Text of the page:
BYU-Idaho students signing up for registration were told they couldn’t use Medicaid as an acceptable alternative to the Student Health Plan.
“When my husband first told me about the school denying his initial waiver, which had his Idaho Medicaid information, I thought he misunderstood what the person at the Health Center told him,” said Jessica Whetten, whose husband studies software engineering. “I didn’t believe it. I was a bit livid.”
Students can no longer use Medicaid as an acceptable form of insurance when applying for a Student Health Plan Waiver. BYU-Idaho requires students to either have “adequate” health insurance coverage in the Rexburg area or participate in the Student Health Plan. In Idaho, 232,437 people, or 12.9% of the population were registered through Idaho’s Medicaid program during October.
The situation appears to change policies at BYU-Idaho and not other Church Education System Schools. BYU replied to questions on Twitter Thursday saying Medicaid will cover students’ health coverage requirements. BYU-Idaho had no comment on the changes and Public Affairs for The Church of Jesus Christ of Latter-day Saints referred all requests for comments back to BYU-Idaho University Relations.
Four students speaking on condition of anonymity told Scroll that when contacting the Student Health Center about the change, staff told them the Church Board of Education notified them they are no longer accepting Medicaid. Scroll contacted The Church of Jesus Christ of Latter-day Saints who referred Scroll to BYU-I University Relations.
Tuesday afternoon, Student Health Center staff told students, “We were told not to give a reason why.”
“I would like to understand why,” said Elias Gamez, a junior studying automotive engineering. “Medicaid is insurance for those who cannot afford it, so why deny them for a plan that does not cover what Medicaid does and I can choose my own doctor instead of going to the school?”
The Student Health Center and University Relations declined to comment while referring Scroll to documents published on the Student Health Center’s webpage.
The Student Health Plan provides a self-funded plan, not insurance. Organizations using self-funded plans typically assume the financial risk for providing health care benefits to its members who pay the fee. The university automatically enrolls all students in the Student Health Plan unless they submitted the waiver. Each semester the plan requires students to pay $536 per person per semester or $2,130 per family per semester.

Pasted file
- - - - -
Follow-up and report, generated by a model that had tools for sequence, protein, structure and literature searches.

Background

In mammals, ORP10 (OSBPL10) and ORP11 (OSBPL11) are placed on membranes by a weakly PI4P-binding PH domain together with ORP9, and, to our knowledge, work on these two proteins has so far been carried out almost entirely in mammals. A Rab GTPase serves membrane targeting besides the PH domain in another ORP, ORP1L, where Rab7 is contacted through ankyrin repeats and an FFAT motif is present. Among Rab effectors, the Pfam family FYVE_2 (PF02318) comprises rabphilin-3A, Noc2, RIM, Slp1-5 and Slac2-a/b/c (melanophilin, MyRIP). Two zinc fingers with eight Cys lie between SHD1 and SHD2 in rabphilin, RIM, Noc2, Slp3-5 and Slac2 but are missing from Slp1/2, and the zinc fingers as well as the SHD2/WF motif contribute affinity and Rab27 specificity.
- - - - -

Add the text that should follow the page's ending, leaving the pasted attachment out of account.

In order to obtain a waiver for the Student Health Plan, students need insurance through a policy held by a parent, a group insurance plan provided by your employer or your spouse’s employer, Medicare and any commercial Affordable Care Act compliant health care plan valid in Rexburg.
“Your coverage must provide full medical care if you are living in the Rexburg area,” the waiver forum reads.
The lowest cost insurance plan listed on Your Idaho Health, Idaho’s open enrollment website, for a family of three costs $666 a month. The cost likely out of reach of students places tough choices on people like the Whettens and Gamezes.
“I’ll be doing some research the next few days for sure,” Whetten said. “I can’t justify throwing money away when we’re already covered by Medicaid.”
The change by the university comes as Idaho enters the 2020 Medicaid expansion passed by voters in Nov. 2018. The expansion expands Medicaid to individuals with an annual household income of up to 138% the federal poverty level. The Idaho Department of Health and Welfare estimates an additional 91,000 Idahoans are eligible for Medicaid because of the expansion.
“My wife works full time and I work part time, and we still cannot afford medical insurance without breaking the bank — literally,” Gamez said. “Now I qualify for it through Medicaid expansion, and the school changes the acceptance.”
Those above the 138% and less than 400% of the federal poverty level can enroll through Your Idaho Health and receive an advance tax credit, lowering the monthly premiums.
“We’ve been trying to get ahold of Medicaid to see if there’s an explanation they can give me, and if we have other options,” Whetten said. “We don’t make enough to qualify for the subsidy (receiving the advance tax credit).”
“I think, whatever your political stance is, welfare programs like Medicaid are for people like us students,” said Hayden Allen, a freshman studying political science. “To not be able to take advantage of programs designed for us is illogical.”